Jessabelle

Jessabelle

Jessabelle



Rating

Directed by Kevin Greutert. Starring Sarah Snook, Mark Webber, Joelle Carter, David Andrews, Amber Stevens, Ana de la Reguera, Larisa Oleynik, Chris Ellis, Brian Hallisay. Written by Robert Ben Garant.

Here’s one I thought I’d never see: a supernatural horror movie where the ghost behaves as a Talking Killer. As our heroine cowers in fear during the climax of Jessabelle, the evil spirit appears to her and explains the plot of the movie to us, telling poor Jessie why she is being haunted and what the ghosts plan to do with her now. Just like a Bond movie

Not that the ghosts’ plan makes any kind of sense. But I wouldn’t dare spoil the ending of Jessabelle: as campy and deranged as it is, it’s the only element of the entire movie that raises interest in the proceedings above ‘mild’.

At the outset, I assumed this to be another Carnival of Souls knockoff: Jessabelle opens with pregnant twentysomething Jessie (Sarah Snook) and her fiancé about to embark on a new life together when… wham! You know the scene: movie characters love to drive through intersections without looking for oncoming traffic. They never see the eighteen-wheeler barrelling towards them. 

The accident leaves fiancé and unborn child dead, and Jessabelle confined to a wheelchair. Since she apparently has no friends or other family members to aid her, or even visit her in the hospital, she falls into the care of estranged father Leon (David Andrews), who she hasn’t seen in years. Leon hauls her back to the old family house in a Louisiana swamp, where her condition confines her to the room her mother died in over 20 years ago. 

The premise is promising: not only do we have an atmospheric, isolated locale, but also a Rear Window heroine who cannot run – or even walk – away from the scary stuff. As Jessabelle becomes tormented by ghostly beings in this backwater prison, the film ought to be building up an overwhelming sense of claustrophobic terror. 

But that never really comes. After establishing that there is, indeed, a ghostly being inside the house – the standard-order The Ring/The Grudge black-haired zombie girl – the film, and its heroine, become shockingly disinterested in the supernatural: instead we’re treated to a half-baked mystery about why the ghost is there. In terms of scares, Jessabelle is a complete bust.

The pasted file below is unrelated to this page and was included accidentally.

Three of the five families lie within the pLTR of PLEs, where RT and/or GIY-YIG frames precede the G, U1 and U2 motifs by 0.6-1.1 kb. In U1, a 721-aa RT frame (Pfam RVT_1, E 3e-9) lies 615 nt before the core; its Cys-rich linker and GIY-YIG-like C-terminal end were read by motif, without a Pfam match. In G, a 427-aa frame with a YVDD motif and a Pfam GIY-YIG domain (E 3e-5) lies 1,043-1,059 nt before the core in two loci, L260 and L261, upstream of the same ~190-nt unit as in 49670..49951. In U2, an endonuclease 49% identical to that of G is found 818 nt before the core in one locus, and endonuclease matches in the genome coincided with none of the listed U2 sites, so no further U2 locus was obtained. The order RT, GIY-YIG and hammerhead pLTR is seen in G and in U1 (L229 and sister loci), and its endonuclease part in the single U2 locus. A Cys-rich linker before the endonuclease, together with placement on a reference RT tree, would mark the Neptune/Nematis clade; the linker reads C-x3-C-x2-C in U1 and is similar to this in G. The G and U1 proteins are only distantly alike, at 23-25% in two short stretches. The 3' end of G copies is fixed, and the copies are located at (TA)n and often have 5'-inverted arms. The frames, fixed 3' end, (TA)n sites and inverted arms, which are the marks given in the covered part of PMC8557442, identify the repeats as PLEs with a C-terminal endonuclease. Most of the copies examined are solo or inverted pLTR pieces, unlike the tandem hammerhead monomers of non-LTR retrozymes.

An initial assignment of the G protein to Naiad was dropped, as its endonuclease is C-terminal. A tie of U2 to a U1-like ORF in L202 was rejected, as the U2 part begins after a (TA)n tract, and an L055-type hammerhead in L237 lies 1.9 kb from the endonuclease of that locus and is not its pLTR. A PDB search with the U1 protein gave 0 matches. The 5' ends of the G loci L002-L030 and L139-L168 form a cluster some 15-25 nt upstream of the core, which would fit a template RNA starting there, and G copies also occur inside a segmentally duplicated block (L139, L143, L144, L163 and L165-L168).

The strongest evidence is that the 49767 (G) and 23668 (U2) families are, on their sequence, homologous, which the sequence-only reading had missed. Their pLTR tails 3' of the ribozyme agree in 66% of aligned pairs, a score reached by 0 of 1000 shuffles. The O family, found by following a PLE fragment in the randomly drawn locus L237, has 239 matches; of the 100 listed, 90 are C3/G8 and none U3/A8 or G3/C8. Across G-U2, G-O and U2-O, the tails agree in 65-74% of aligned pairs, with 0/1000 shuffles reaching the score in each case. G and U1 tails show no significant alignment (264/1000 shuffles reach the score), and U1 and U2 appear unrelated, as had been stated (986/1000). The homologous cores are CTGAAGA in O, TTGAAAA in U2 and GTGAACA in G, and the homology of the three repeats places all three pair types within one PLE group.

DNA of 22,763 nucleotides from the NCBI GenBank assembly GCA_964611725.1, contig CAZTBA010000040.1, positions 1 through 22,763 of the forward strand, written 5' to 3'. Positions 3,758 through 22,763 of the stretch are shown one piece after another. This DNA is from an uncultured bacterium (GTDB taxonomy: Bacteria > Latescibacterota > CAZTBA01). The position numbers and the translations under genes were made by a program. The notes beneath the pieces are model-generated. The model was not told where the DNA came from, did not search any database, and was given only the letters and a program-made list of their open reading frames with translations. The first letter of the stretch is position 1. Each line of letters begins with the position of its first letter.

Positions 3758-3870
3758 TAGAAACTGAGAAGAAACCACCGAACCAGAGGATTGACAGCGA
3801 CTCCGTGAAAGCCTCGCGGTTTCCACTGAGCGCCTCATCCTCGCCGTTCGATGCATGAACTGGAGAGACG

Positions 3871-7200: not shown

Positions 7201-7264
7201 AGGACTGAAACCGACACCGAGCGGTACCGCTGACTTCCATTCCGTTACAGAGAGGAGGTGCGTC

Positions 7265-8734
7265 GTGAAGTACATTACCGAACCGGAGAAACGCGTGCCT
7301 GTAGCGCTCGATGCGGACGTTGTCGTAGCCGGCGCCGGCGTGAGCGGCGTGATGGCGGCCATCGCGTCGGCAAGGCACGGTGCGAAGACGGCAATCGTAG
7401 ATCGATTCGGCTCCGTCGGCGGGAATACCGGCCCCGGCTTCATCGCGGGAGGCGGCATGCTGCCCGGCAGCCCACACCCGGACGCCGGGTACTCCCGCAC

While the film’s promotional material touts it as coming from the producers of recent hits like Insidious, The Purge, and the Paranormal Activity films, Jessabelle instead dials things back to the J-horror supernatural mystery of films like The Ring and The Grudge. From the Louisiana setting to the voodoo theatrics to the ghostly ending, it’s also strikingly similar to the 2005 Kate Hudson flick The Skeleton Key

Jessabelle was written by former The State/Reno 911 member Robert Ben Garant, who also penned last years’ parody Hell Baby. That film got its laughs by playing up all the usual genre stereotypes; this one flounders by checking them off with a straight face. Director Kevin Greutert is best known from the Saw franchise, editing the first five films and directing Saw 6 and Saw 3D.

Jessabelle was originally scheduled for release nearly a year ago, before being pushed back in the schedule; regardless, it appears to have gone straight to VOD in the USA. Still, it registers a theatrical release in the Czech Republic while genuinely well-crafted – and scary – ghost stories like Oculus or The Babadook will go unseen.


Jason Pirodsky

Hailing from Syracuse, New York, Jason Pirodsky made his way to Prague via Miami and has stuck around, for better and worse, since 2004. A member of the Online Film Critics Society (www.ofcs.org), some of his favorite movies include O Lucky Man!, El Topo, Berlin Alexanderplatz, and Hellzapoppin'. Follow him on Twitter for some (slightly) more concise reviews.

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